Amitav Ghosh was born in Calcutta and grew up in India, Bangladesh and Sri Lanka. He studied in Delhi, Oxford and Alexandria and is the author of The Circle of Reason, The Shadow Lines, In An Antique Land, Dancing in Cambodia, The Calcutta Chromosome, The Glass Palace, The Hungry Tide, and The Ibis Trilogy; Sea of Poppies, River of Smoke, and Flood of Fire.
The Circle of Reason was awarded France’s Prix Médicis in 1990, and The Shadow Lines won two prestigious Indian prizes the same year, the Sahitya Akademi Award and the Ananda Puraskar. The Calcutta Chromosome won the Arthur C. Clarke award for 1997 and The Glass Palace won the International e-Book Award at the Frankfurt book fair in 2001. In January 2005 The Hungry Tide was awarded the Crossword Book Prize, a major Indian award. His novel, Sea of Poppies (2008) was shortlisted for the Man Booker Prize, 2008 and was awarded the Crossword Book Prize and the India Plaza Golden Quill Award.
Amitav Ghosh’s work has been translated into more than twenty languages and he has served on the Jury of the Locarno Film Festival (Switzerland) and the Venice Film Festival (2001). Amitav Ghosh’s essays have been published in The New Yorker, The New Republic and The New York Times. His essays have been published by Penguin India (The Imam and the Indian) and Houghton Mifflin USA (Incendiary Circumstances). He has taught in many universities in India and the USA, including Delhi University, Columbia, Queens College and Harvard. In January 2007 he was awarded the Padma Shri, one of India’s highest honours, by the President of India. In 2010, Amitav Ghosh was awarded honorary doctorates by Queens College, New York, and the Sorbonne, Paris. Along with Margaret Atwood, he was also a joint winner of a Dan David Award for 2010. In 2011 he was awarded the International Grand Prix of the Blue Metropolis Festival in Montreal.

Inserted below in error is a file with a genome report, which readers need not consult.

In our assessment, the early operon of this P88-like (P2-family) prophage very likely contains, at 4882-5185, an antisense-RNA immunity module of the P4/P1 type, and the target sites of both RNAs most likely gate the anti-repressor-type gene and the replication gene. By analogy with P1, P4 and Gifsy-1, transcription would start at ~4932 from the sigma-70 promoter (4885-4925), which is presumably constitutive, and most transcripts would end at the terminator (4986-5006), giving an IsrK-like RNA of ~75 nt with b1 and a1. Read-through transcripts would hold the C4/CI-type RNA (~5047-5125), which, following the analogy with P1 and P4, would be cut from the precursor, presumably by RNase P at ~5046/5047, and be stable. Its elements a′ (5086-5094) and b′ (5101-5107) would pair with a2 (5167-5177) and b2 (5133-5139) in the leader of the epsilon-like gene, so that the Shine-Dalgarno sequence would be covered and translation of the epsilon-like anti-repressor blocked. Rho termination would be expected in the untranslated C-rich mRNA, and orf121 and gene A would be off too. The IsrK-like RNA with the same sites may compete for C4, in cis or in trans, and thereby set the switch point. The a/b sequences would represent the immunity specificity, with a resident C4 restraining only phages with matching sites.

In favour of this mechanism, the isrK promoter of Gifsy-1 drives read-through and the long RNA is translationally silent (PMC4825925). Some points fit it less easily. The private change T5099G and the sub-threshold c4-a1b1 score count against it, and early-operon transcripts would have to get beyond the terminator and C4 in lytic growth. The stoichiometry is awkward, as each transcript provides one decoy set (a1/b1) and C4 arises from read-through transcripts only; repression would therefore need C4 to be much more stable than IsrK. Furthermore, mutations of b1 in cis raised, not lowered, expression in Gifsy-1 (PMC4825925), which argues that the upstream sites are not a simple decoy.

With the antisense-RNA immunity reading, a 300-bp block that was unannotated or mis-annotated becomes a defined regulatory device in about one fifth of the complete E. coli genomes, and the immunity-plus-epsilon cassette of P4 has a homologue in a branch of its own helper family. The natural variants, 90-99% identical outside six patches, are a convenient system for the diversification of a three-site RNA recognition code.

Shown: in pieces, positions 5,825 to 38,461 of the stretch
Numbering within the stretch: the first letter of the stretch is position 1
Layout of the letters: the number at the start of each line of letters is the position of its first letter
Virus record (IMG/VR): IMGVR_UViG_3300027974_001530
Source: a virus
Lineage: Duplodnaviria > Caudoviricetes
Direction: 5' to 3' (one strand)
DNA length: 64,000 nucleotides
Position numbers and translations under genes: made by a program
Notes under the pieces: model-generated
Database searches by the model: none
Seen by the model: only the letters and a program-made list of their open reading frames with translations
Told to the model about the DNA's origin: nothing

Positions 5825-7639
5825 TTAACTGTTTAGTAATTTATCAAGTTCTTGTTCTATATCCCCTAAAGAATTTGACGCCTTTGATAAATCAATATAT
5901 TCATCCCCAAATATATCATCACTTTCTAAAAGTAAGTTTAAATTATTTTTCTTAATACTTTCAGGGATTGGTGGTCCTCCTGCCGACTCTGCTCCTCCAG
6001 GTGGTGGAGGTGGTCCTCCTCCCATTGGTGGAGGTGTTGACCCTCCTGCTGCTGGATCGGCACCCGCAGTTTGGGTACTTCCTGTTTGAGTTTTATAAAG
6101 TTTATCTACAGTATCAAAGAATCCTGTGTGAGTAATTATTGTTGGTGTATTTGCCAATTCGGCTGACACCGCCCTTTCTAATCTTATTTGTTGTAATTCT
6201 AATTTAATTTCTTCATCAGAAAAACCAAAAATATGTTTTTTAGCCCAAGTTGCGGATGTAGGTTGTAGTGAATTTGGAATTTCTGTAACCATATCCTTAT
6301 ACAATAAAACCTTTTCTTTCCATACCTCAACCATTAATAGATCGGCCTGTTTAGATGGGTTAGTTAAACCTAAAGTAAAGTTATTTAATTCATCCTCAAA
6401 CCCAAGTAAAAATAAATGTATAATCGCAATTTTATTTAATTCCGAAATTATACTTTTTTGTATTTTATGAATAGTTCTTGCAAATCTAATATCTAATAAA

Deborah Baker was born in Charlottesville and grew up in Virginia, Puerto Rico and New England. She attended the University of Virginia and Cambridge University. Her first biography, written in college, was Making a Farm: The Life of Robert Bly, published by Beacon Press in 1982. After working a number of years as a book editor and publisher, in 1990 she moved to Calcutta where she wrote In Extremis; The Life of Laura Riding. Published by Grove Press and Hamish Hamilton in the UK, it was shortlisted for the Pulitzer Prize in Biography in 1994. Her third book, A Blue Hand: The Beats in India was published by Penguin Press USA and Penguin India in 2008. In 2008-2009 she was a Fellow at the Dorothy and Lewis C. Cullman Center for Writers and Scholars at The New York Public Library. There she researched and wrote The Convert: A Tale of Exile and Extremism, a narrative account of the life of an American convert to Islam, drawn on letters on deposit in the library’s manuscript division. "The Convert, published by Graywolf and Penguin India, was a finalist for the 2011 National Book Award in Non-Fiction". She has two children and is married to the writer Amitav Ghosh. They divide their time between Brooklyn and Goa.